While the answer in each case will depend on the specific details, in general terms: you can expect to find us both rigorous in our approach to this aspect and also solution-oriented.

Rigorous in that we will want to have a clear understanding of how risks are accepted, distributed, managed and mitigated within the group. We will want to understand how the local entity fits into all of this, and in particular how group solutions are well-adapted and suited for local application. They must be well-understood, appropriately-tailored, and effectively managed and applied locally.

At the same time, firms will find us solution-oriented. Our approach is designed to be a constructive one.

Take the example of models approvals. It would of course be our responsibility to be satisfied that any relevant risk model meets the appropriate criteria and can be relied upon for capital calculation and risk management purposes.

At the same time, we recognise, the practical constraints that firms are facing. Particularly around some of the timing issues. We are alive to the logistical and practical challenges in doing a number of things in what may be a relatively short timeframe: for example, setting up business in Ireland, getting authorisation and thinking about approval of models currently approved by the UK authorities. We are open to thinking constructively about how this practical sequencing challenge might be addressed, how things might be arranged so that the various objectives can be met, without of course undermining our commitment to our responsibilities in this regard. The Central Bank of Ireland's strong relationship with the UK and other authorities means that we will be in a good position to work through the issues effectively and efficiently.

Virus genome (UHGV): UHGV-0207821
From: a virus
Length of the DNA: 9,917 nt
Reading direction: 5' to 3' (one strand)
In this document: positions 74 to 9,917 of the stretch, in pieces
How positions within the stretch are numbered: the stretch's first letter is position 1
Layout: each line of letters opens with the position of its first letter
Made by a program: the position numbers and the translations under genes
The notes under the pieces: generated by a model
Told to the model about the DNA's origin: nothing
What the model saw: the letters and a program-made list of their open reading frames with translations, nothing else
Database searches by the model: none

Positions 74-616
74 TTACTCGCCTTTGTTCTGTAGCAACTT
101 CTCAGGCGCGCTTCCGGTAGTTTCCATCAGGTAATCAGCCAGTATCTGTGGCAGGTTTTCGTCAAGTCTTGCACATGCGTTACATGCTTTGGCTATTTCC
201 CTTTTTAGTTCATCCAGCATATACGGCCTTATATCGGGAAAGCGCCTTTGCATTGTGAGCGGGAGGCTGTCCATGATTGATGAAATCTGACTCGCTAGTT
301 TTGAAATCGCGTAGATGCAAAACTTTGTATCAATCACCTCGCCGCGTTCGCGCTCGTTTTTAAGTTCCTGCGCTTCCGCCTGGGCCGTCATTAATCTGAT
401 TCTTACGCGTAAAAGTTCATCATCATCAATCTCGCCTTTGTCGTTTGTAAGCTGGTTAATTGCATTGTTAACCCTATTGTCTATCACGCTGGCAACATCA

Business models 

In an open market economy, it is important that participants are able to take up new businesses, and engage in new activities. The system is enhanced by well-run new entrants.

Financial firms are regulated for a reason. Their failure can put deposits, client assets, claims, premiums or members’ funds at risk. Some business models are riskier than others and require more safeguards.

For any authorisation process we are focused on the firm's understanding of the risks, and how they are managed and mitigated. We also seek to ensure that the customers interests are central to the business proposition, from the suitability of products to the treatment of claims. This is the role of a regulatory authority.